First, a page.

Seasonal patterns are common in many time series data (e.g. macroeconomic or meteorological data). One of the issues to be analyzed when working with seasonal data is whether the seasonal pattern remains relatively stable over the sample period or whether it changes across time.
Canova and Hansen (1995)  proposed a test statistic for the null hypothesis that the seasonal pattern is stable. The test statistic can be formulated in terms of seasonal dummies or seasonal cycles. The former allows us to identify seasons (e.g. months or quarters) that are not stable, while the latter tests the stability of seasonal cycles (e.g. cycles of period 2 and 4 quarters in quarterly data).
In this post, I show how obtain the test statistic by means of the uroot R package. I apply the test to the data set of quarterly macroeconomic series used in Table 7 of the original paper. I have recently improved the code and fixed some issues with the Newey and West covariance matrix. I have also added the facility to compute p-values described in Díaz-Emparanza, I. and Moral, M. Paz (2013) .
Given the options mentioned in the original paper (lag truncation equal to 5 and including a first order lag as regressor), the stability of seasonal dummies for the series
investments can be tested as follows:
require("uroot") x <- diff(log(ch.data$ifix)) res <- ch.test(x = x, type = "dummy", lag1 = TRUE, NW.order = 5) res
The following result is obtained:
statistic pvalue Quarter1 0.741 0.0073 ** Quarter2 0.2853 0.1567 Quarter3 0.8277 0.0039 ** Quarter4 0.4481 0.054 . joint 1.9773 0.01 ** --- Signif. codes: 0 ‘***’ 0.001 ‘**’ 0.01 ‘*’ 0.05 ‘.’ 0.1 ‘ ’ 1 Test type: seasonal dummies NW covariance matrix lag order: 5 First order lag: yes Other regressors: no P-values: based on response surface regressions
Information about the model fitted to obtain the test statistic is available in the element
R> summary(res$fit) Coefficients: Estimate Std. Error t value Pr(>|t|) xreglag1 0.304707 0.072953 4.177 4.95e-05 *** xregSD1 -0.109497 0.006289 -17.411 < 2e-16 *** xregSD2 0.174379 0.009782 17.826 < 2e-16 *** xregSD3 -0.014516 0.012310 -1.179 0.24 xregSD4 0.008329 0.006468 1.288 0.20 --- Signif. codes: 0 ‘***’ 0.001 ‘**’ 0.01 ‘*’ 0.05 ‘.’ 0.1 ‘ ’ 1 Residual standard error: 0.03846 on 153 degrees of freedom Multiple R-squared: 0.8509, Adjusted R-squared: 0.846 F-statistic: 174.6 on 5 and 153 DF, p-value: < 2.2e-16
The test for the stability of seasonal cycles can be obtained setting the argument
type = "dummy".
The script table7.R applies both versions of the statistic to all the series in the data set. The results are summarized below.
|Series||Quarter 1||Quarter 2||Quarter 3||Quarter 4|
|ifix||0.741 **||0.285||0.828 **||0.448 .|
|ifixr||0.620 *||0.095||0.892 **||0.050|
|ifixnrs||0.407 .||0.357 .||0.432 .||0.571 *|
|ifixnrpd||0.376 .||0.435 .||0.203||0.290|
|cns||1.934 ***||0.915 **||0.605 *||1.492 ***|
|cnd||1.183 ***||1.437 ***||1.033 ***||1.525 ***|
|cser||1.296 ***||0.638 *||1.098 ***||0.932 **|
|gnp||0.994 **||1.033 ***||0.526 *||0.881 **|
|finsale||1.813 ***||0.239||0.172||1.352 ***|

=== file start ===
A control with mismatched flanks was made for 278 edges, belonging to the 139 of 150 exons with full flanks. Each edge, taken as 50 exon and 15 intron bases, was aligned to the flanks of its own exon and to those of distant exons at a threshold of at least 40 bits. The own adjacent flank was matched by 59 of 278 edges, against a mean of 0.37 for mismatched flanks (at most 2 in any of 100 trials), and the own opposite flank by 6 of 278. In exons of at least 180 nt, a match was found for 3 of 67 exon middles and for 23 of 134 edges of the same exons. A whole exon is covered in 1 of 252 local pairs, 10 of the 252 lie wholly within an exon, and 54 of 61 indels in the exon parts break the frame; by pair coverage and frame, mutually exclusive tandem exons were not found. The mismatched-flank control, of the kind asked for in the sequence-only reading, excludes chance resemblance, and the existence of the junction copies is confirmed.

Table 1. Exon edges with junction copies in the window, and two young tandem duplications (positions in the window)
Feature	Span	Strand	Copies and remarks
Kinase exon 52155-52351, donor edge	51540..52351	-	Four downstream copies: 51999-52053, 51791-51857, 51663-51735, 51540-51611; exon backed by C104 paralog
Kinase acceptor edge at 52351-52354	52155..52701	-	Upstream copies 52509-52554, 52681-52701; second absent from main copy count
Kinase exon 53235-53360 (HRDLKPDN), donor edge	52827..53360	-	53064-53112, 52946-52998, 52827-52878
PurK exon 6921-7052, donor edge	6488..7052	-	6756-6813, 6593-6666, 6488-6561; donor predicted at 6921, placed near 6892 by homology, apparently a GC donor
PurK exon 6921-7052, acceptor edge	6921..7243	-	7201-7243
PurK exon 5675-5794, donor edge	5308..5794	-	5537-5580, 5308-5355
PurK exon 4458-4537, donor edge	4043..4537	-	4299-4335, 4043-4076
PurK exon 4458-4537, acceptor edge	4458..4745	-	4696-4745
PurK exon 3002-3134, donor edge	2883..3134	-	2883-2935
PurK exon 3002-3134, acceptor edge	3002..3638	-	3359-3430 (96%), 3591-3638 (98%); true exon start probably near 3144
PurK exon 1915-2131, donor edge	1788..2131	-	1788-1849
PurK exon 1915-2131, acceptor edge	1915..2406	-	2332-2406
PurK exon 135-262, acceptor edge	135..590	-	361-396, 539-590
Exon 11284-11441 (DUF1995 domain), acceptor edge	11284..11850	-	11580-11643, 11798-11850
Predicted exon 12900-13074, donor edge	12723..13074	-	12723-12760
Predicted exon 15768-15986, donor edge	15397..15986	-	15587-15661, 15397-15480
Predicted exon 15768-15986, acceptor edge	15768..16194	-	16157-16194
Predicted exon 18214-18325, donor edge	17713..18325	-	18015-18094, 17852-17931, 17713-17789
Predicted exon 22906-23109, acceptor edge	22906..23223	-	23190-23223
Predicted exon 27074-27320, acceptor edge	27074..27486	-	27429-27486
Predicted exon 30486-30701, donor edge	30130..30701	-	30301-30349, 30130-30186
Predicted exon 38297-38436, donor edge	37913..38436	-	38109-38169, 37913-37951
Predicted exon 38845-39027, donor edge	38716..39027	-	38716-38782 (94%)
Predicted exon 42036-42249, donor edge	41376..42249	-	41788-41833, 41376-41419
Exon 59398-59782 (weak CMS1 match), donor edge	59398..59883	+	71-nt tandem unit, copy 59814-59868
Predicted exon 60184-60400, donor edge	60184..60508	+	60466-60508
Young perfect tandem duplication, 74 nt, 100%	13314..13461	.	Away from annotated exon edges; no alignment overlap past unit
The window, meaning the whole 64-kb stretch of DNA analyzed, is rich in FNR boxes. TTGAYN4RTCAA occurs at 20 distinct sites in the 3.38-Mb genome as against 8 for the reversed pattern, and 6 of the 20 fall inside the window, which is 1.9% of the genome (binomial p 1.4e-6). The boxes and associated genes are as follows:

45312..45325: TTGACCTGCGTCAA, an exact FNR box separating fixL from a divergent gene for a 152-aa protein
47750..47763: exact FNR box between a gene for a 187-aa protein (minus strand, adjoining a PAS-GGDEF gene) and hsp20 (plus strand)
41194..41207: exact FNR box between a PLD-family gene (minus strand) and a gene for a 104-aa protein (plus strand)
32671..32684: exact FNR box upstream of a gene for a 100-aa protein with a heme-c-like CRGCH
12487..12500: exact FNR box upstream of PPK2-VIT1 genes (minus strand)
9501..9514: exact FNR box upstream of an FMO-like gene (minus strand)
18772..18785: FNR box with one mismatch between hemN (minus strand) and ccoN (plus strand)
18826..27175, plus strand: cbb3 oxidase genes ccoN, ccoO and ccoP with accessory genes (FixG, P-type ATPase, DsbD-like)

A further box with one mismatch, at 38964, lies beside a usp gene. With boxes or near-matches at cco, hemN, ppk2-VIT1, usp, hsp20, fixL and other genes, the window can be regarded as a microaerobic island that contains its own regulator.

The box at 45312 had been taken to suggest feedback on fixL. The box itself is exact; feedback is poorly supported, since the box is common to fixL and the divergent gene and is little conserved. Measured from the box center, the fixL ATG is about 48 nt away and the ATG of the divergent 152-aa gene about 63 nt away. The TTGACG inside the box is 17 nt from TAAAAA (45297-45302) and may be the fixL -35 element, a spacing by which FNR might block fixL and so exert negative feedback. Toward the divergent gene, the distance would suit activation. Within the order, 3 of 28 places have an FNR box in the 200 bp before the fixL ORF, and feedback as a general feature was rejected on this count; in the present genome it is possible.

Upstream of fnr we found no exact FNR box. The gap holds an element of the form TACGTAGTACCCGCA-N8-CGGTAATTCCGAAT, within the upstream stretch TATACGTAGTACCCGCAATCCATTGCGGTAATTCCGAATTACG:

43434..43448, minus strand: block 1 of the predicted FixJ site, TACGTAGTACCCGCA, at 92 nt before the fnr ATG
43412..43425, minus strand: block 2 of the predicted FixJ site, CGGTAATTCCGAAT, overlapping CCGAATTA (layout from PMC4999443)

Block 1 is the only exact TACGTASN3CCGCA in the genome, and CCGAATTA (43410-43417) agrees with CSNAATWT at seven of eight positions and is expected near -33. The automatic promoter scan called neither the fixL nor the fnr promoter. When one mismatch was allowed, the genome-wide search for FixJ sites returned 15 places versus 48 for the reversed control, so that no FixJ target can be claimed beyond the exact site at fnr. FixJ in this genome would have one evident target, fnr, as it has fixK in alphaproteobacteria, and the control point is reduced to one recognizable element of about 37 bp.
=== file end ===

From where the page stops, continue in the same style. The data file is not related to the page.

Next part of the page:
|cpi||0.421 .||0.660 *||0.295||0.290|
|businv||0.238||1.382 ***||0.342||0.550 *|
|unemp||1.131 ***||1.255 ***||0.454 .||0.130|
|labfor||1.348 ***||0.566 *||0.374 .||0.462 *|
|empl||0.368 .||0.286||0.098||0.569 *|
|monmult||0.524 *||1.036 ***||0.193||0.408 .|
|wage||0.068||0.716 **||0.273||0.694 **|
|Cells report the CH test statistic and significance codes:0 '***' 0.001 '**' 0.01 '*' 0.05 '.' 0.1 ' ' 1.|
The value of the statistics is not exactly the same as those reported in Table 7 of the original paper. They should be identical as the same options were used. Unfortunately the authors and the journal did not provide the code that reproduces the results of the paper. I checked my implementation with that available in the software Gretl . Running some examples I obtained the same results in both programs. In the original paper, the authors may have used some variation on the computation of the Newey and West matrix or may have used some options other than from those eventually reported in the paper. There may also be some error in the transcription of results in the original paper (e.g., the results for the series
hours are close to those obtained here for the series
wage> and the other way around).
Regardless of the issues about reproducibility, the overall conclusion based on the Table above is the same as in the original paper. The seasonal pattern in most of the series is not stable for all the seasons. Yet, there are some series for which a stable seasonal pattern is not rejected at the 5% significance level: non-residential investments, non-residential producer durables, consumption durables, imports, exports, consumer price index, treasure bill and hours. According to the dummy version of the test, changes in the seasonal pattern occur a bit more often in the first and second quarters.
The Canova and Hansen test is an interesting tool that can be used as a complement to the more common unit root tests. Knowing the seasons that cause the instability in the seasonal pattern is helpful in order to find an explanation for evolving patterns, for example, changes in consumption habits, holidays or other socio-economic phenomena.
 Canova, F. and Hansen, Bruce E. (1995) 'Are Seasonal Patterns Constant over Time? A Test for Seasonal Stability'. Journal of Business & Economic Statistics, 13(3), pp. 237-252. DOI: 10.1080/07350015.1995.10524598. Paper available from one of the author's website. Data set.
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 Díaz-Emparanza, I. and Moral, M. Paz (2013). Seasonal Stability Tests in gretl. An Application to International Tourism Data. Working paper: Biltoki D.T. 2013.03. URL: https://addi.ehu.es/handle/10810/10577. Gretl package.
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